I - Applied Physics and Devices

  • Prof. Henry I. Smith, Emeritus Professor of Electrical Engineering and principal investigator in the Research Laboratory of Electronics (RLE) at MIT, was inducted into the National Academy of Inventors (NAI) at the Academy’s 3rd annual conference on March 7, 2014. Prof. Smith was cited “For innovative contributions to micro and nanofabrication technology and applications.”
  • Researchers at MIT’s Microsystems Technology Laboratory (MTL) including Anantha Chandrakasan, the Joseph F. and Nancy P. Keithley Professor of Electrical Engineering, recent EECS PhD graduate Marcus Yip, EECS graduate student Rui Jin and research scientist Nathan Ickes, together with physicians from Harvard Medical School and the Massachusetts Eye and Ear Infirmary (MEEI), have developed a new, low-power signal-processing chip that could lead to a cochlear implant that requires no external hardware. The implant would be wirelessly recharged -- taking just two minutes -- and would run for about eight hours on each charge. Read more.
  • The Spanish Royal Academy of Engineering presented the "Agustin de Betancourt" award to Professor Tomás Palacios on Nov. 26. This award, the most prestigious given in Spain to an engineer less than 36 years old, recognizes Prof. Palacios’ work on nanotechnologies applied to high frequency electronic devices based on GaN and graphene.
  • Jeffrey H. Shapiro has been elected to the grade of Fellow of SPIE, the International Society for Optics and Photonics. SPIE was founded in 1955 to advance light-based technologies. Shapiro, the Julius A. Stratton Professor of Electrical Engineering in the MIT Electrical Engineering and Computer Science Department is also a Fellow of the American Physical Society, the IEEE, the Institute of Physics, and the Optical Society of America. Read more.
  • Prof. Mildred Dresselhaus, Institute professor emerita and faculty member in the MIT Electrical Engineering and Computer Science and Physics Departments, received the Materials Research Society Von Hippel Award in recognition of her work and close association with Prof. Von Hippel. Read more.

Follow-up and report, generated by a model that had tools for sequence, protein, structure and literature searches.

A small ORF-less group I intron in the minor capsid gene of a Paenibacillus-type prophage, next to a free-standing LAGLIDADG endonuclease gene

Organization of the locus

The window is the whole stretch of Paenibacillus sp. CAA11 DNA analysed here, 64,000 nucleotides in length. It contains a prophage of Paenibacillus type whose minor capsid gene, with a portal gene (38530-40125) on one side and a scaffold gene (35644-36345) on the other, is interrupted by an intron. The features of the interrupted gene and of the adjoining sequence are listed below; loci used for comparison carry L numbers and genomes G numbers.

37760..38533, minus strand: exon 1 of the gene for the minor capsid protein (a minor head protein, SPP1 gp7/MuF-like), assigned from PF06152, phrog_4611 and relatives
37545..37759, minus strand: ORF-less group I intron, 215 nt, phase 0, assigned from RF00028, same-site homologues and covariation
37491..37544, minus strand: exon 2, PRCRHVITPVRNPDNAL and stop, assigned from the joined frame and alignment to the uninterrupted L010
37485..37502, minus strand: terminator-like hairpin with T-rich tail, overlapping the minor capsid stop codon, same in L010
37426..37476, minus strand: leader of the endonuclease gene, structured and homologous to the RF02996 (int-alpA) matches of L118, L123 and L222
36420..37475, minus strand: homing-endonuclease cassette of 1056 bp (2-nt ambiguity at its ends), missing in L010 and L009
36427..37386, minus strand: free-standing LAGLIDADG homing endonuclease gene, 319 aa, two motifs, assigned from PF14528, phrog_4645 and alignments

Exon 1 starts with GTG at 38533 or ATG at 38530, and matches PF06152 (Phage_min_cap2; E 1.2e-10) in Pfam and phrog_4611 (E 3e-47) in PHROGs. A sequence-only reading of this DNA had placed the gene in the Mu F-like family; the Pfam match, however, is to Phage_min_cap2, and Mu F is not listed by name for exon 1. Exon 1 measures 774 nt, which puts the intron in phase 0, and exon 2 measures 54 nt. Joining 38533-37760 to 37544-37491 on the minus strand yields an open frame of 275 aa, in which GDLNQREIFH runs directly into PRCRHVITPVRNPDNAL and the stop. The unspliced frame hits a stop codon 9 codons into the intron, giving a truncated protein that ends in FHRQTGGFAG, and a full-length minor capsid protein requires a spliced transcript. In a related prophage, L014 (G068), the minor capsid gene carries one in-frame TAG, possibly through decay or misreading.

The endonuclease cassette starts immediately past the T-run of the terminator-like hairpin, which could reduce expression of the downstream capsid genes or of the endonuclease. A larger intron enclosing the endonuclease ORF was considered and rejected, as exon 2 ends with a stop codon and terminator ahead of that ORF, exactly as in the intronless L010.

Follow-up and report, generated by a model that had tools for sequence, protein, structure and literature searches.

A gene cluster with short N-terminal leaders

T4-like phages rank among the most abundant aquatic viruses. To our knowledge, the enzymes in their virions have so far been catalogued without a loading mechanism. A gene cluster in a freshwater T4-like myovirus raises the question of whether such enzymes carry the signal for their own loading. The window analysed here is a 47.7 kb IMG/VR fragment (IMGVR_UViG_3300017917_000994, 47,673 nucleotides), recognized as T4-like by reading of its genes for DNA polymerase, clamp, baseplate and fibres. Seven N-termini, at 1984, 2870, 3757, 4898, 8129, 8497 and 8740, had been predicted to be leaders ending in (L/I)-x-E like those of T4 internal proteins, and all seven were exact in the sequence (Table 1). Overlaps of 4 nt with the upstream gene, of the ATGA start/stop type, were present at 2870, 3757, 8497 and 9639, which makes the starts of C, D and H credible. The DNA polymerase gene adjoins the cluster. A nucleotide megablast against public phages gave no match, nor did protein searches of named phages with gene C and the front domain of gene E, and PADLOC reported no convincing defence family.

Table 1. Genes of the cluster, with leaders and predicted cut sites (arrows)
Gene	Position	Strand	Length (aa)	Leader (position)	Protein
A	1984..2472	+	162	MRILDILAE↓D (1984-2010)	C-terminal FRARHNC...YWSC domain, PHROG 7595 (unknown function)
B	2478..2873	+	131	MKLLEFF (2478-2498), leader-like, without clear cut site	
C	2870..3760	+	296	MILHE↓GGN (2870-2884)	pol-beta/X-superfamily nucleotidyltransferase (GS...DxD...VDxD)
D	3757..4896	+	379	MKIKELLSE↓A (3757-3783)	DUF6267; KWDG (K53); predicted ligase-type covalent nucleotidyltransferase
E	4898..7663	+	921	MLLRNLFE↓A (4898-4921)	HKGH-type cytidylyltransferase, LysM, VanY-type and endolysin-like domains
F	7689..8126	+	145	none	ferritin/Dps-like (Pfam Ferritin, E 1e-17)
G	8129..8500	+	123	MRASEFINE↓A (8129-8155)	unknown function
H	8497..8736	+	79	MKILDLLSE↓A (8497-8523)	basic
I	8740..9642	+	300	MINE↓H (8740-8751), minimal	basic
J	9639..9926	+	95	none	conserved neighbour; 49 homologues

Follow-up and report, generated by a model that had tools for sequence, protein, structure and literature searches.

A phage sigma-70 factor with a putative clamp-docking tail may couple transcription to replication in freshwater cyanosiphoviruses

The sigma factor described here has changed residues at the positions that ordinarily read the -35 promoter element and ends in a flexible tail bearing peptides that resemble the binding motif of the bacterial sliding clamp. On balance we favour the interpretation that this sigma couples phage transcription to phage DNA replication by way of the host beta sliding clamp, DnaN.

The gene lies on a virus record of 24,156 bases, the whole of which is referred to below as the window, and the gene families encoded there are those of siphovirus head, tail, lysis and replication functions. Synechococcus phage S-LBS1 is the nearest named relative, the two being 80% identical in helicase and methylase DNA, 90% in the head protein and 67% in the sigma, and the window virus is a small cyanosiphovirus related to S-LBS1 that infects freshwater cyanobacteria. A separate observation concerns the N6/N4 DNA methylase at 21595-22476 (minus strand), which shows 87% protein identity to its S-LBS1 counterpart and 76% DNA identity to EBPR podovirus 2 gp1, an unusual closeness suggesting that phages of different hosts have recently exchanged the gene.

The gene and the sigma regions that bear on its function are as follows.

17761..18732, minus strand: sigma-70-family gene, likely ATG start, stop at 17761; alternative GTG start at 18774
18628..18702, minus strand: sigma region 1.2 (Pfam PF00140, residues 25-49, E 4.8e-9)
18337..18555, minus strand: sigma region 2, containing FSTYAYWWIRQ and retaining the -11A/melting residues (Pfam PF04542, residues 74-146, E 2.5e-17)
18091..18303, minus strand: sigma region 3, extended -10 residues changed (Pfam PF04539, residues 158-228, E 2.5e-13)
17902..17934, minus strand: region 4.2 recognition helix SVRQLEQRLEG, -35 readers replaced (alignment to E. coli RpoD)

• Under the direction of EECS professor Jeffrey Shapiro, and senior research scientist Franco Wong - both members of the Research Laboratory of Electronic's (RLE) Optical and Quantum Communications Group and of Vivek Goyal, RLE research scientist and head of the Signal Transformation and Information Representation Group, EECS doctoral student Ahmed Kirmani, working under Goyal, has developed a computational imager that uses one photon per pixel allowing laser rangefinders to infer depth (3D) from a hundredth as much light and produce images from one 900th the light needed. Read more.
  • "There's a very strong need for that computer to turn electrical signals into optical signals very efficiently," Dirk Englund the Jamieson Career Development Assistant Professor in the MIT Electrical Engineering and Computer Science Department explained to Marketplace Tech. Englund was approached to discuss his work in the Quantum Photonics Laboratory, where computer chips made of graphene and silicon are encouraging information to move near the speed of light. Read more.
  • Jouya Jadidian has been selected as the 2012 Arthur H. Guenther Award recipient for outstanding contributions to the field of pulsed-power science and technology by the PPS&T Committee of the IEEE NPSS society. He was also selected for best paper award at the combined 19th IEEE Pulsed Power Conference and the 40th IEEE Conference on Plasma Science (PPPS2013), held in San Francisco, CA, where he also received the best paper award. This paper has also been recently featured on the cover of Journal Applied Physics (Issue of August 14, 2013).
  • Detecting early-stage malarial infection of blood cells is a diagnostic that has recently come closer to reality through the work of MIT's Anantha Chandrakasan, EECS Department Head, and Subra Suresh, former MIT Dean of Engineering, now president of Carnegie Mellon University. The work, which has been published Aug. 8 in the journal Lab on a Chip, is potentially applicable to detecting other infections and diseases.


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